When Israeli Prime Minister Benjamin Netanyahu arrives at the White House on February 15th, the visit will be unlike any other—and not only because of the turmoil roiling the Trump administration following the resignation of National Security Adviser Michael Flynn. After 11 years as prime minister, and countless meetings with American presidents and secretaries of state, Netanyahu will be greeted for the first time in the Oval Office by a Republican president. For a leader who has long endured ideological, stylistic, and personal gaps with two Democratic presidents, while being hailed as a soulmate by GOP Members of Congress and presidential candidates, he will hardly be able to believe his luck.
Indeed, relations with this particular Republican president could be especially warm. Netanyahu and President Donald Trump benefit from a valuable channel of communication between Israeli Ambassador Ron Dermer and Trump’s son-in-law, Jared Kushner, each of them perhaps the single person closest to their respective leader. It is widely expected that Trump and Netanyahu will find relatively easy agreement on a number of issues.
Both have advocated tougher responses, perhaps including new sanctions, to Iran’s ballistic missile program and other provocative regional activities, while maintaining, for now, the basic structure of the Iran nuclear deal. Trump has also shown interest in Netanyahu’s argument that the strategic alignment between Israel and the Sunni Arab states with regard to Iran and Sunni jihadist groups creates an opportunity to build a new regional security architecture, thaw Israeli-Arab ties, and use those bonds to overcome what Netanyahu sees as Palestinian weakness and recalcitrance that impede progress toward peace.
Finally, the leaders may be within reach of an accord on West Bank settlement construction, in which the United States would not criticize Israeli settlement activity within the main settlement blocs, comprising perhaps 8 percent of the West Bank and the bulk and of the Israeli settler population. A reciprocal commitment from Israel not to expand the footprint of existing settlements or build new ones could be harder to come by, due to strong opposition within Netanyahu’s coalition. But the White House’s repeated statements indicating its concern that further settlement construction is not helpful to prospects for peace can actually assist Netanyahu in restraining calls for aggressive settlement expansion. Meanwhile, both sides seem prepared to put the move of the U.S. embassy to Jerusalem—which Trump had controversially pledged to do over the objections of Palestinians—on the back burner.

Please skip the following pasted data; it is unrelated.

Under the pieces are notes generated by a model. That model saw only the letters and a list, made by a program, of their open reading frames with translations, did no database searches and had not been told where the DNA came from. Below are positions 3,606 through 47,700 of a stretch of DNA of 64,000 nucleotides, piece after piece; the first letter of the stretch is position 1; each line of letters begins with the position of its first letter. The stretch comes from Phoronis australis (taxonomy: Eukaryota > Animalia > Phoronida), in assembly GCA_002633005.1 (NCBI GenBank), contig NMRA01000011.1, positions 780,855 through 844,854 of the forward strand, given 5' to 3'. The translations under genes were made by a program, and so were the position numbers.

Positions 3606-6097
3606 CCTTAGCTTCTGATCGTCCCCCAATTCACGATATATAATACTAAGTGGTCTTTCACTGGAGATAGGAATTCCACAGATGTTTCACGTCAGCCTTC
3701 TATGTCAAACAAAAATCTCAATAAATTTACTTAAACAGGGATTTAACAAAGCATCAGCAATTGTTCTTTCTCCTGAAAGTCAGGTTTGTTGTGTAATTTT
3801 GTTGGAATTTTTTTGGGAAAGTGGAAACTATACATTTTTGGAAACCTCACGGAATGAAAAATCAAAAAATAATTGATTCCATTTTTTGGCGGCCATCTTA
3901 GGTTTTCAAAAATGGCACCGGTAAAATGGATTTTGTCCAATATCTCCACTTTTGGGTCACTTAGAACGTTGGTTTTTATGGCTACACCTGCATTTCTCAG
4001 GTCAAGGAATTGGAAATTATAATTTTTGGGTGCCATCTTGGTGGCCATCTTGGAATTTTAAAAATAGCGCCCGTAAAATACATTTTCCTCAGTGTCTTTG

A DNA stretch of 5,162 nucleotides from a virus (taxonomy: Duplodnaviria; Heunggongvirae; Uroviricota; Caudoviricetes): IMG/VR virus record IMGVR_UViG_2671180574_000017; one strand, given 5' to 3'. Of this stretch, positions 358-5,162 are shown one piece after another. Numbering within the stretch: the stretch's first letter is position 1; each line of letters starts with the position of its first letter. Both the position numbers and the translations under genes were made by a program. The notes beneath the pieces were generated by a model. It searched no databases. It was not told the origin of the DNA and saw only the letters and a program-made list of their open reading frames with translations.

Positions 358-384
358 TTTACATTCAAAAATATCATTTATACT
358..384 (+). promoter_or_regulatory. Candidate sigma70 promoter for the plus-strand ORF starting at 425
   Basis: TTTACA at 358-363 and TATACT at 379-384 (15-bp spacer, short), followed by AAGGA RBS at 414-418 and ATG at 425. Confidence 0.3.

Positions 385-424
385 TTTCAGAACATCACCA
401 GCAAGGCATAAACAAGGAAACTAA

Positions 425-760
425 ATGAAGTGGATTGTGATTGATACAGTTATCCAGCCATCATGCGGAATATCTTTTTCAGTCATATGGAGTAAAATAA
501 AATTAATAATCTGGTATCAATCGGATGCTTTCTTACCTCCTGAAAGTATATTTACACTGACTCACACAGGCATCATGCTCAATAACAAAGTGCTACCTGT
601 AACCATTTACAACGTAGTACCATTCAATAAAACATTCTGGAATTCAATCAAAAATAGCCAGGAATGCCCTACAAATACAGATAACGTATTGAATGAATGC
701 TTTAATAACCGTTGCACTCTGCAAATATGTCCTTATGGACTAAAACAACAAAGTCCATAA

To a significant degree, these are all things that Netanyahu will want from Trump, and that Trump, presumably, will want to give. But Trump will want something, too. And he will be in a position to demand it.
The signs of this dynamic have been clear for some time. Netanyahu’s surprising tweet endorsing the president’s proposed wall on the Mexican border, comparing it to Israel’s southern border fence and calling it a “great idea” (which earned him a rebuke from Mexico), was a clear favor from Netanyahu to Trump. An inconvenient date for the meeting—back-to-back with Netanyahu’s long-planned trip to Australia and Singapore, taking him out of Israel for some 10 days in the midst of swirling coalition tensions and police investigations of corruption allegations against the prime minister and his family—was another sign. And the fiasco surrounding the White House’s omission of Jews from its statement on Holocaust Remembrance Day, and tripling down in defense of the decision, suggest the American side was not concerned about putting Netanyahu in an uncomfortable position ahead of the visit.
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These examples all suggest something about who really calls the shots in the relationship. But what does Trump want from the meeting? Assuming he can look beyond the Flynn-related chaos, here are three possibilities: